Gettysburg: On this day in 1863 Gen. Robert E. Lee’s Army of Northern Virginia clashed with the Union Army of the Potomac under the command of Gen. George Gordon Meade.

Less than three months before, Lee with the aid of the now fallen Gen. Thomas J. Jackson destroyed this same Union Army at Chancellorsville, Virginia. It was a devastating defeat with more than 13,000 Union soldiers casualties.

Gen. Lee  reputation as an undefeated Army commander, having perviously vanquished  George McClellan, John Pope, McClellan again, Ambrose Burnside, and Joseph Hooker is unparalleled.

Lee is at his high point, as is his Army of Northern Virginia. They are aggressive, hungry, quick, dangerous battle hardened veterans.

Lincoln fatigued with Union losses at the hands of a former Union Army veteran, and hero of the Mexican War, desperately needs someone to stop Lee, and he has called upon George Meade to do it.

Hastily appointed to his command by an exasperated President Lincoln Meade is cautious, defensive minded, and intimidated. He knows Lee’s reputation, and he is sure that Lee has taken his measure.

Meade knows Lee will strike again, but where?

If Meade, with superior numbers, and resources, fighting on home ground, can anticipate, even force Lee to fight him on ground of his choosing, he knows he has the possibility within his grasp to finally put an end to the rampaging Confederate Army.

Having lost the eyes and ears of his army, the intelligence and reconnaissance of Gen. Jeb Stuart and his Cavalry, Lee is in the dark, and has no clue where the Union Army might be lurking. Lee has given strict orders to avoid a general engagement.

Before he engages in another conflict Lee must find the Union Army, identify its location, and close the fist of his divided army, which is spread like probing fingers along the highways of Pennsylvania.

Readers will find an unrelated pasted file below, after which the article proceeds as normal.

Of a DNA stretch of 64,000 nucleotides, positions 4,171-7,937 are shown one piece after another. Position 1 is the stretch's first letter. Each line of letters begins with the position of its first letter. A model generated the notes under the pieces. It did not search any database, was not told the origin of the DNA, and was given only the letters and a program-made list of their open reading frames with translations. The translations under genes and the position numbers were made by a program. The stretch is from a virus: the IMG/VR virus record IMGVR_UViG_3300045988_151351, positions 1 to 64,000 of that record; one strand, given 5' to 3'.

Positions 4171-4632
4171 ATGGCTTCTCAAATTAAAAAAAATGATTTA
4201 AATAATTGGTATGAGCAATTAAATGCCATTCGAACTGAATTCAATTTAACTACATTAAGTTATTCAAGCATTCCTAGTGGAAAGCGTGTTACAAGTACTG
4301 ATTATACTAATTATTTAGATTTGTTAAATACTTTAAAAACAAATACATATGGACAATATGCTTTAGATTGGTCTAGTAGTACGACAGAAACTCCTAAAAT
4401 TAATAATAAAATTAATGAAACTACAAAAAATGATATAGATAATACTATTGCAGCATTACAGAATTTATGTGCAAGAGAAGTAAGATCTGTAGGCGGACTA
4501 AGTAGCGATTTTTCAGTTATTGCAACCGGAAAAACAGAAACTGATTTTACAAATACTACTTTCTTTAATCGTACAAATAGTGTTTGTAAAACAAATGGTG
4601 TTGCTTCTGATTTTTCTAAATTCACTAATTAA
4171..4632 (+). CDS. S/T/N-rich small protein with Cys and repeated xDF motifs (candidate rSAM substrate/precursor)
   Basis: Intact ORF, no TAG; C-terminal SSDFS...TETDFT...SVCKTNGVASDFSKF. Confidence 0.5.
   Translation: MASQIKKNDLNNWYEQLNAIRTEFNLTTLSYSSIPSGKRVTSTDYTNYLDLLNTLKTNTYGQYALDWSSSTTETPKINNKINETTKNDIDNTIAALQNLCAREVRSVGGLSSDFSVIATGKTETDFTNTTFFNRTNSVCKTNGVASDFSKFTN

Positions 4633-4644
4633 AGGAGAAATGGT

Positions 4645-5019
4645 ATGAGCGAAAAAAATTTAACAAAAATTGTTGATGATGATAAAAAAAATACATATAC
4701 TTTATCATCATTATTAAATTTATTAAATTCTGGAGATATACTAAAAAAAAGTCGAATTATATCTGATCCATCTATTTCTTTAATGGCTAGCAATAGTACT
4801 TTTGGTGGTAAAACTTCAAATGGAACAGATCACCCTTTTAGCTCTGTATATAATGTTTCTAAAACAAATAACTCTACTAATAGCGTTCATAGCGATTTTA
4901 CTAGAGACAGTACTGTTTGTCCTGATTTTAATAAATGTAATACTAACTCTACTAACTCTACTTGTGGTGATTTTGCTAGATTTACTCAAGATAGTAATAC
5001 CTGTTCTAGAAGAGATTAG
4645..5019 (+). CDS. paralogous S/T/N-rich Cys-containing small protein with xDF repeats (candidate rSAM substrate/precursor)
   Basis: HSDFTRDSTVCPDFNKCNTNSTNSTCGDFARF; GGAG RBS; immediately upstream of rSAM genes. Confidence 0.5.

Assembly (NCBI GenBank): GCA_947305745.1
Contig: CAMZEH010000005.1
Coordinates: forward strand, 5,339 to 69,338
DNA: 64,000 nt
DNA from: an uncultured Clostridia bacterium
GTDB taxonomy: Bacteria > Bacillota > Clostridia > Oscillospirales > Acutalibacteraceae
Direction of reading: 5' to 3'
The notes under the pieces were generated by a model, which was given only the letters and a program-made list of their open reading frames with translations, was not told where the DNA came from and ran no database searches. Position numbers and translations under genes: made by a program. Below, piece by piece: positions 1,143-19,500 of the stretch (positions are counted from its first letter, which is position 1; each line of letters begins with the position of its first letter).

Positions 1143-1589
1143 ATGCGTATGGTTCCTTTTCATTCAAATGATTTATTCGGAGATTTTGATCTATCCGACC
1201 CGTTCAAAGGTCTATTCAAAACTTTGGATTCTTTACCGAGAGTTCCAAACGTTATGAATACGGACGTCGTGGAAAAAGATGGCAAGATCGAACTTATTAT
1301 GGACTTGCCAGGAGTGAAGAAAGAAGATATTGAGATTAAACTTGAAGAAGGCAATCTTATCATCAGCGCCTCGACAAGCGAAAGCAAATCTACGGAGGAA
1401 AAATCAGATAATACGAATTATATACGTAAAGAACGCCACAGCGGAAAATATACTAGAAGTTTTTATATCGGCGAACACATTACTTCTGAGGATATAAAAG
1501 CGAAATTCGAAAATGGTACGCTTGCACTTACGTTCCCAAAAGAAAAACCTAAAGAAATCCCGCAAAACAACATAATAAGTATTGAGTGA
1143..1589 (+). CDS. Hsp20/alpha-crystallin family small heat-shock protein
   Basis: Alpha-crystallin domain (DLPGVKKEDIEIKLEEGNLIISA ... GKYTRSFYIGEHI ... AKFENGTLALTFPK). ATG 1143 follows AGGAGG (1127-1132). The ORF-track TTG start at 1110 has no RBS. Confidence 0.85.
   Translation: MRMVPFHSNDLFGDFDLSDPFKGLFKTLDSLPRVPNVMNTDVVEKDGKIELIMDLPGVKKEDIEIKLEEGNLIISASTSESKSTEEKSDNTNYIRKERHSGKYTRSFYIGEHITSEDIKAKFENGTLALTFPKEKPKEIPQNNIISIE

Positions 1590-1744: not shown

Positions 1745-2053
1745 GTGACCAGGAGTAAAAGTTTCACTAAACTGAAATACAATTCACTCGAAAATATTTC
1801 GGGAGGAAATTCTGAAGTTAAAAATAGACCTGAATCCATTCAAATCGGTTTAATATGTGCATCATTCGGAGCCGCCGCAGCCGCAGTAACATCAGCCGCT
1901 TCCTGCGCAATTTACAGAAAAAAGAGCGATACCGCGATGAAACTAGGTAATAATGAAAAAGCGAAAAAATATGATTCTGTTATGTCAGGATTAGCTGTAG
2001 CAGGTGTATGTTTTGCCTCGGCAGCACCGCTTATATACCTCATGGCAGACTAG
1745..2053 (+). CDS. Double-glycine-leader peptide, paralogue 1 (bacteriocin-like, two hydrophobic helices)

On the first day of July, the crusading armies meet.

Coldly calculated strategy, becomes anxious guesswork, as the forces probe one another’s strength, each unsure as to exactly who, and what is in their front. Neither side is fully aware that each Army is on a collision course in full strength. But like a whirlwind reaping its vengeance under the midday sun, both sides will steadily, and inevitably drawn into the cyclone of war.

And the first day of Gettysburg has begun.

It is a day of untarnished and unvarnished honor, courage, commitment and sacrifice for both North and South.

Men will clash, reel in retreat, rally, and clash again. It is a day of blood, death, and yardage, in ground gained or lost.

Can you hear the hoarse shouted orders of officers? The Crackle of musketry, the roar of cannon, the cries of the wounded and dying, the frightful baying of fallen horses and mules? Can you smell the sweat, and fear, and blood so palpable in the summers heat?

Can you smell the storm of death roiling upon the ground, shimmering like a hell upon the earth?

Can you feel the parched and sandpapery dryness of your throat, the sweat stinging your eyes, and soiling the clothes of your sweat stained uniform?

Can you feel the weight and heft, as you load your rifle with shaking hands, raising it, aiming at smudges of men in front of you?

Can you feel the recoil as it bucks against your shoulder, your bullet contributing to the butchers bill, even as you secretly beg for it to end?

And what do you feel when it all ends, and the day is gone, and night closes in upon the blood soaked ground you lay your head upon?

How do you feel even as you drink deeply of the first water touching your cracked lips, and you smoke a cigarette in silence, watching your brothers stacked like corded wood, for shallow graves.

Darkness falls upon your sacred fields, and the butchers bill is paid, for the day. More than 15,000 Americans are gone now, in dead, wounded, and missing. 9,000 Union, 6,000 Confederate.

And there are still yet two days to go.

But you have survived, at least part of you has.

But another part shall ever remain, with the ghosts and never leave this place.

——(Author’s Note)

This is why, this day, and the days after are important to me. And this is why each flag, Union and Confederate is important to me, one as much as the other. And this is why, history is important to me, because it is my history, and it is yours.

And we must never forget, so that we may never return to, pay that price again.

Ben Coleman,

East Tn, 2016